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Cultural History


Ngāi Tahu

Water plays a unique role in the traditional economy and culture of Ngāi Tahu. The most direct physical relationship that Ngāi Tahu have with water involves the protection, harvesting, and management of mahinga kai. The term “mahinga kai” refers to natural resources and the area in which they are found. It includes the way resources are gathered, the places they are gathered from, and the resources themselves, for example, fish such as tuna and inaka, materials such as harakeke, and paru, which are used for dyes.

Waitaha people would have known the Ōpāwaho river area first, and then came Kati Mamoe and, later, Ngāi Tahu.

Ō-pā-waho means Outpost pā. It refers to a pā sited just downstream of the present Opawa Road Bridge at what is now the intersection of Judges St and Vincent Place. The Ōpāwaho pā was used by Ngāi Tahu, who used the Ōpāwaho to travel between Tuahiwi, Kaiapoi and Te Pātaka o Rakaihautu (Banks Peninsula).

The wetlands draining the Ōpāwaho were called Te Kuru and the upper reaches of the river at Spreydon was called Wai Mokihi after a smaller pā located there called Ō Mokihi, which means meaning place of the flax-staff rafts.

Near Wigram the Ōpāwaho is close to the headwaters of the Halswell River. Ngāi Tahu travellers used to drag their canoes across this gap, thus being able to travel by water from Waihora (Lake Ellesmere) to Otautahi (Christchurch).

The Ōpāwaho was an important mahinga kai, a source of plentiful food, especially tuere (blind eel) and kanakana (lamprey). The swamp forest around the river provided gathering grounds for water fowl and forest birds. Traps were regularly set for inanga, pātiki and tuna.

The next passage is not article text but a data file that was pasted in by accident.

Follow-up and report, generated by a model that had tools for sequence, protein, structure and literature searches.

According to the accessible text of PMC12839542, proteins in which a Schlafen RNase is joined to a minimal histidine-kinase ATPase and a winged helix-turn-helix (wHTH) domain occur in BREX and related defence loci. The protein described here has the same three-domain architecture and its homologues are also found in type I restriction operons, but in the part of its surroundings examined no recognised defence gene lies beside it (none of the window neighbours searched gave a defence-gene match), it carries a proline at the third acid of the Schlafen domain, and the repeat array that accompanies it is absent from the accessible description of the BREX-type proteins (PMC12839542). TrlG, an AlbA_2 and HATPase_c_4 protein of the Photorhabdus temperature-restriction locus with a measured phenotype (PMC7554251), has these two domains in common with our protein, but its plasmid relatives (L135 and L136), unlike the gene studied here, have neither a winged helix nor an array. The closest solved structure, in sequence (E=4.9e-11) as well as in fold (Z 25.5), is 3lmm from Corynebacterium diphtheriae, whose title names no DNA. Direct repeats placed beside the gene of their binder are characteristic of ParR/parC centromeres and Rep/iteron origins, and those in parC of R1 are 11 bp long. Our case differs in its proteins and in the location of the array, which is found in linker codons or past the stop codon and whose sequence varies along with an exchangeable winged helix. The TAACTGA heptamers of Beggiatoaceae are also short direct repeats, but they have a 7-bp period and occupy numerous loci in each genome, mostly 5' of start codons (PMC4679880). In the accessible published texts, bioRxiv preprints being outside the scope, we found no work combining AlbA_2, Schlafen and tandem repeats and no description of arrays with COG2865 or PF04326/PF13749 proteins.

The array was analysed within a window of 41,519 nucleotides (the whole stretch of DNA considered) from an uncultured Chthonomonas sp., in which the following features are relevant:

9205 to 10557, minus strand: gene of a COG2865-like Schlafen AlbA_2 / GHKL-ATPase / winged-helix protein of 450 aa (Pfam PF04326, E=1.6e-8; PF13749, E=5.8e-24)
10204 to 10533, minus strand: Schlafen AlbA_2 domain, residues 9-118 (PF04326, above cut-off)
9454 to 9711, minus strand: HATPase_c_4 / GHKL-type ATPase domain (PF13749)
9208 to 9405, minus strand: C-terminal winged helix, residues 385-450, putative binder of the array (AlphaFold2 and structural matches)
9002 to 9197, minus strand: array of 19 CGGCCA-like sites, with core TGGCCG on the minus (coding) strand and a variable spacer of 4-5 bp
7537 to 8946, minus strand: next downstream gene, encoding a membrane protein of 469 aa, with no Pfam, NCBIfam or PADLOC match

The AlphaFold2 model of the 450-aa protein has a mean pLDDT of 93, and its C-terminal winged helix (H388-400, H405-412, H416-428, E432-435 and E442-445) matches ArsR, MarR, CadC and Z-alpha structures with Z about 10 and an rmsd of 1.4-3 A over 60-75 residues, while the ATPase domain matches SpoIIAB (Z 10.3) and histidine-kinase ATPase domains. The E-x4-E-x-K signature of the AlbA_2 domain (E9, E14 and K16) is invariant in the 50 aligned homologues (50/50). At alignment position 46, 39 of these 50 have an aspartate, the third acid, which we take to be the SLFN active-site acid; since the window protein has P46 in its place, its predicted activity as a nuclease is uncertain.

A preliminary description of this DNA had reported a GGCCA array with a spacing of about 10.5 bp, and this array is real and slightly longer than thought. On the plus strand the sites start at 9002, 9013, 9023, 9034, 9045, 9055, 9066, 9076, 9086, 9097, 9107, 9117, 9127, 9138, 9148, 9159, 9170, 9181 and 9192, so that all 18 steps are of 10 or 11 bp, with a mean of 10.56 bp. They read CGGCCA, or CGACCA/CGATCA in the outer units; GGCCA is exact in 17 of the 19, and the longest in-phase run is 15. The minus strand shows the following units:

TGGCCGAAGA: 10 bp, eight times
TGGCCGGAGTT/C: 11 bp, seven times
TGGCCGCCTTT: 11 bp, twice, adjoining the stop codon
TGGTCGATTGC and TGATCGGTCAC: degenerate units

In the 1800s Ngāi Tahu made unsuccessful attempts to have some sites in the Christchurch area made into mahinga kai reserves, and were effectively excluded from exercising their kaitiaki responsibilities in the development of the City and the management of the Ihutai catchment.


 

European Settlement

The English name for the river comes from Sir William Heathcote, secretary of the Canterbury Association. The Ōpāwaho Heathcote river was important for shipping in the 1850’s. At six to eight meters deep, the river was deeper than the Avon. There was enough water that boats sailed all the way up from the estuary up Ferry Road, carrying goods from Lyttleton. The sharp bends in the river and the wind from the hills and the swamp flats made navigating difficult and a towpath was created on both sides. Some of the bends and strong current made navigating the river tricky, so horses or bullocks were needed to tow the boats up the river as far as Richardson terrace. 

The lower Ōpāwaho Heathcote became a major traffic artery - by the 1860s up to 15 vessels were sailing up the river in one day. It wasn’t a cheap exercise -  it would cost almost as much to get goods from Lyttleton to Ferry road, as it would to freight the same goods from London to Lyttleton! However  once the railway to Ferrymead was opened in 1863 and the Lyttelton Railway Tunnel was opened in 1867, the role of the Heathcote/Ōpāwaho in transport diminished greatly. By the 1880s  the river was too silted to use as a trade route. In the space of just 30 years settlers managed to fill up a water channel that was 8 meters deep. The source of the silt was primarily from the de-forested slopes of the Port Hills.

From the late 1800s onwards the Woolston Loop in the lower Ōpāwaho Heathcote was used as a drain for industries including tanneries, wool scourers, a flax mill, a glue works, soap and candle works, an abattoir, a leather-goods manufacturer and a carpet factory. By the turn of the 19th Century, nearly a quarter of New Zealand’s industrial activity was located in this area. Industrial waste was pumped into the river, making the water highly polluted, murky and unattractive for decades.

Trout were naturalised in the Ōpāwaho Heathcote in the 1860's.

The river was used as an industrial drain until 1971, when the Woolston industrial sewer was completed. After this, industrial wastewater was sent to the Christchurch wastewater treatment plant in Bromley instead of running into the river. This has improved the health of the lower reaches of the river and the Estuary.


 

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